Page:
Annual Report 2013
The state of the world's human rights

12 April 2013

Death Penalty in Belarus: ‘I can’t believe he’s not here any more’

Death Penalty in Belarus: ‘I can’t believe he’s not here any more’
In Belarus prisoners are only informed hours, or even minutes, before they are executed.

In Belarus prisoners are only informed hours, or even minutes, before they are executed.

© Lubou Kavalyoua

At a Glance

The death penalty in Belarus: the facts

  • Belarus is the only country in Europe and central Asia that still carries out executions. 
  • Prisoners risk being tortured into “confessing”.
  • Condemned prisoners do not have access to an effective legal appeal. 
  • Executions are carried out by shooting the condemned person in the back of the head.
  • Prisoners are only informed hours, or even minutes, before they are executed.
  • Prisoners’ bodies are not returned to their families for burial, and families are not told where they are buried.
See video

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© Amnesty International

I'm looking at a picture of Ulad: he is so smiley there, so cheerful, I can’t believe he’s not here anymore. I wish the door would open, and he’d come in as if nothing had happened. I don’t want to leave the house, I’m always at home, waiting and waiting and waiting…
Lubou Kavalyoua

Lubou Kavalyoua received a letter from the Belarus Supreme Court on 17 March 2012, informing her that her son, Uladzslau Kavalyou, had been executed. She had not been told beforehand. She talked to Amnesty International about her son, her ongoing search for his grave, and her fight against the death penalty in Belarus.

Lubou Kavalyoua’s son, Uladzslau Kavalyou − known as Ulad − was arrested in connection with a bomb attack in Belarus in April 2011. After an unfair trial, he was sentenced to death in November 2011. Ulad, aged 26, only saw his lawyer three times during the whole process and was forced into confessing. He later retracted his testimony and there was never any forensic evidence linking him to the explosion. His sentence passed by the Supreme Court of Belarus, leaving no possibility of appeal.

What was your son like?
Ulad was a cheerful, active boy, and he was shy. He loved music. He was always reading. He was fond of psychology, and that helped him a little in prison, because it was very difficult to endure. Ulad was very good to his friends, and his friendships lasted for years. And now his friends visit us, not very often, but they come and try to support me, and I feel better when they are with me.

Tell us what happened to him
I learned about his arrest when police officers arrived one night with a search warrant. They didn’t say why our apartment was being searched, or why Ulad had been arrested. When a neighbour asked the officers searching our flat what had happened, one of them replied that Ulad had found himself in the wrong place at the wrong time. They didn’t tell us anything else.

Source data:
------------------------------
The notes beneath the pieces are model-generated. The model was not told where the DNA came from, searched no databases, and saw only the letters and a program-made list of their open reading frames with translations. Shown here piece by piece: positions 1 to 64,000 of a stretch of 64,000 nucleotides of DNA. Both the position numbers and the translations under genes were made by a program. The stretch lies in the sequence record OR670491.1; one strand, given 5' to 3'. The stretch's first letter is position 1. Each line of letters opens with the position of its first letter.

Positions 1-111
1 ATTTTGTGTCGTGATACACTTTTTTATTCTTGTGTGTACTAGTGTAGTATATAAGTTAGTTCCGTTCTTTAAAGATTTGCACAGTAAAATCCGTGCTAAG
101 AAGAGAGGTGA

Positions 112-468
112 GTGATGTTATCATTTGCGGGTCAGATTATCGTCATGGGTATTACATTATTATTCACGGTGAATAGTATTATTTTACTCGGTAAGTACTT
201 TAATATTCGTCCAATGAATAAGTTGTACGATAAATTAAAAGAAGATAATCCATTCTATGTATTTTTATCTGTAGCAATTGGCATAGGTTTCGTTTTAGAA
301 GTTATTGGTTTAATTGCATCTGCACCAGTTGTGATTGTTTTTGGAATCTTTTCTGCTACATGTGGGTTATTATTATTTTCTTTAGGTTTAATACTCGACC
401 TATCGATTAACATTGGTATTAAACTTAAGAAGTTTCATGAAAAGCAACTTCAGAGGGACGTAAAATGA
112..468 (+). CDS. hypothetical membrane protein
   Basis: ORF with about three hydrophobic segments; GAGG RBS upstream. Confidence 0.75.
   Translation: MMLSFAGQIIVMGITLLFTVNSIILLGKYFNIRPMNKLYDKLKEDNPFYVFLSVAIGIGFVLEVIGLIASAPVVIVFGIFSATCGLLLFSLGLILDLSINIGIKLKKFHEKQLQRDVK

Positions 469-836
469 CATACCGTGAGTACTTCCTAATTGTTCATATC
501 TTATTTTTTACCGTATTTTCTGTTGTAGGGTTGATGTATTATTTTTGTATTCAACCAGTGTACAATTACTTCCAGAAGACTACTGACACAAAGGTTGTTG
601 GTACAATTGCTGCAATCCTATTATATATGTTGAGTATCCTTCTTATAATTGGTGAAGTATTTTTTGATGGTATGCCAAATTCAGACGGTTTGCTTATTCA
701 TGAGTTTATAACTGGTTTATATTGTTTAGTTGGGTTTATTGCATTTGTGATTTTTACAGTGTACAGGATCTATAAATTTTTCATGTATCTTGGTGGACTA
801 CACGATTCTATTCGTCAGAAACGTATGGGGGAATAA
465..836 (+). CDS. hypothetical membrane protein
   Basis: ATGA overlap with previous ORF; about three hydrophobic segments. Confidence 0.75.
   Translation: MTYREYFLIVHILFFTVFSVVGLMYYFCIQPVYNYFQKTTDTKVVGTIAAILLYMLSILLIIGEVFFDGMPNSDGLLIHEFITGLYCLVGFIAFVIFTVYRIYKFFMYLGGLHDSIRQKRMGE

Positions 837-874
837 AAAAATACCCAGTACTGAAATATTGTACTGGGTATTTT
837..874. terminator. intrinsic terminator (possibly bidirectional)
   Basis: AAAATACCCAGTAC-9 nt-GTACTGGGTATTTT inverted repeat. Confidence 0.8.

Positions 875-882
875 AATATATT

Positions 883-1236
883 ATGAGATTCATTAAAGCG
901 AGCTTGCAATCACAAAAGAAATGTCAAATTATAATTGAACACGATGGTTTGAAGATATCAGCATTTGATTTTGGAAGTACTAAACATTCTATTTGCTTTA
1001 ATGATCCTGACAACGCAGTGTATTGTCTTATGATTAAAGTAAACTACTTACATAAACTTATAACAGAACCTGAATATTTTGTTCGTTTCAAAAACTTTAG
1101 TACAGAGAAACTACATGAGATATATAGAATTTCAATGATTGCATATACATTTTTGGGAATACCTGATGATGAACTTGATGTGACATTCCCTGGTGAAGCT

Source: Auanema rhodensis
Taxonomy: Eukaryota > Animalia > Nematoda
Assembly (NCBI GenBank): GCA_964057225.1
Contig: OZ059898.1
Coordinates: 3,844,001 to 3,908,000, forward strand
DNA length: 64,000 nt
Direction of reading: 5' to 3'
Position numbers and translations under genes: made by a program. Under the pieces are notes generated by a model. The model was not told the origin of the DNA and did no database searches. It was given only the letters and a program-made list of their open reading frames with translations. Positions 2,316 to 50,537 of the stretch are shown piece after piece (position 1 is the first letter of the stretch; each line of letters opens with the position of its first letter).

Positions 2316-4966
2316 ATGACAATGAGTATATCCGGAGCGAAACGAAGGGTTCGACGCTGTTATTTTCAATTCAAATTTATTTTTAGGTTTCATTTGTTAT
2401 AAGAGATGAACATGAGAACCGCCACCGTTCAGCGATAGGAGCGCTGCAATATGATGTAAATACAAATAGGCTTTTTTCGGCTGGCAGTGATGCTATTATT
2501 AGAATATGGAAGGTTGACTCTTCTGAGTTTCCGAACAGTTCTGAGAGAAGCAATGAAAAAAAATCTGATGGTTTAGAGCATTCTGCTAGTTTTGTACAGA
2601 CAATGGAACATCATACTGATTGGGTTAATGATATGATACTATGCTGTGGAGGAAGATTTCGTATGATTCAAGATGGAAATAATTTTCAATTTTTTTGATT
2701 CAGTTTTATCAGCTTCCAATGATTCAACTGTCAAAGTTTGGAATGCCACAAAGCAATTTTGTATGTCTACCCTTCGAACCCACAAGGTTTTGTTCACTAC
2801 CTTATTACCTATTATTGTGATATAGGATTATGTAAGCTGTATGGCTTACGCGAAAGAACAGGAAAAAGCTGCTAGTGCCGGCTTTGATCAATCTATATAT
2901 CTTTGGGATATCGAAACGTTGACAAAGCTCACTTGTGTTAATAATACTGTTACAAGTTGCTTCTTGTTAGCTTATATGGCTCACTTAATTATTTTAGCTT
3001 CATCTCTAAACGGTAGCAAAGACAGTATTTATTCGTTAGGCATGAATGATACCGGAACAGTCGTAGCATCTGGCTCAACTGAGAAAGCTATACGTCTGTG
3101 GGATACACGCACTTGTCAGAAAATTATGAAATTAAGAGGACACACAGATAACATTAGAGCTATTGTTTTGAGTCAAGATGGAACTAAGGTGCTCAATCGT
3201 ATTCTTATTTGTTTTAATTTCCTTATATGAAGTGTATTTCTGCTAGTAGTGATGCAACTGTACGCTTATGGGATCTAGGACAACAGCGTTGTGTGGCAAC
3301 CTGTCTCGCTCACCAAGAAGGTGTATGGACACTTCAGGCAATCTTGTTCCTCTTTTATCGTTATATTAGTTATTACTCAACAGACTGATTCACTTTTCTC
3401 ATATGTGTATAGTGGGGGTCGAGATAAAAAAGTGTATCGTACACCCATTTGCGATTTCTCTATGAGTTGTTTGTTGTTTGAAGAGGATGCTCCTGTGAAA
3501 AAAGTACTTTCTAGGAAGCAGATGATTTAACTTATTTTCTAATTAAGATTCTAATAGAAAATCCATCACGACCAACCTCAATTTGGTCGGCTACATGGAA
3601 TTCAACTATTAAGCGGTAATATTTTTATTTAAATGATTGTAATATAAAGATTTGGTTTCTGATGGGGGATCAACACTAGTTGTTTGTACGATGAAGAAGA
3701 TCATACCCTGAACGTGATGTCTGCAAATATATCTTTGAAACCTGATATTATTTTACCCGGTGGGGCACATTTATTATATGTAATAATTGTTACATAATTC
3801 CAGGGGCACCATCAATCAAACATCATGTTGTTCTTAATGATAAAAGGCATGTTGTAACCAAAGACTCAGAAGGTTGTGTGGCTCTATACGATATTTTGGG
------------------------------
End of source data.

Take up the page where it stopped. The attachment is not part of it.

During the trial, people went to the courtroom every day and were not happy with what they observed. They still oppose the sentence. I know I should have been ready for it, but I was still hopeful. When the verdict was read out in the courtroom, I don’t remember what happened. I don’t even remember what Ulad communicated to me, although people tell me he signalled: ”Mum don’t cry”.

How did you find out that he had been executed?
On 13, 14 and 15 March, Ulad’s lawyer tried to see him but he wasn’t allowed. Of course, at that moment my heart didn’t give me a hint that Ulad was gone – I didn’t feel anything. But when I received the letter from the Supreme Court, I understood.

What have you done to find out where he is buried?
We have asked Lukashenka (Alyaksandr Lukashenka – the President of Belarus) to issue a decree to release the bodies of the executed to their relatives, or at least to provide information about their burial place. There is no reason not to release the bodies to their relatives, or to hide the burial site. Lukashenka can at least tell us where Ulad’s grave is.

We asked the authorities to explain the reasons why, but they can’t tell us. I think they themselves don’t know where this law comes from – not to give the body to the family and not to reveal the burial place. It is torture for the mother. They tortured my child to obtain the necessary testimony, and now they are just torturing me.

What drove you to campaign against the death penalty?
At the beginning it was fear. I have seen how evidence is obtained, and that testimony is considered to be evidence, regardless of how it is obtained.

I don’t know if we will succeed, but I think it is still possible with the help of society, of the people. It is possible to change the legislation and eventually abolish the death penalty.

More than 400 people have been executed in Belarus in the past two decades: no one spoke about it, no one ever said anything, and the prisoners were shot. Everybody should know about it.

This feature was originally published on The Wire in March 2013


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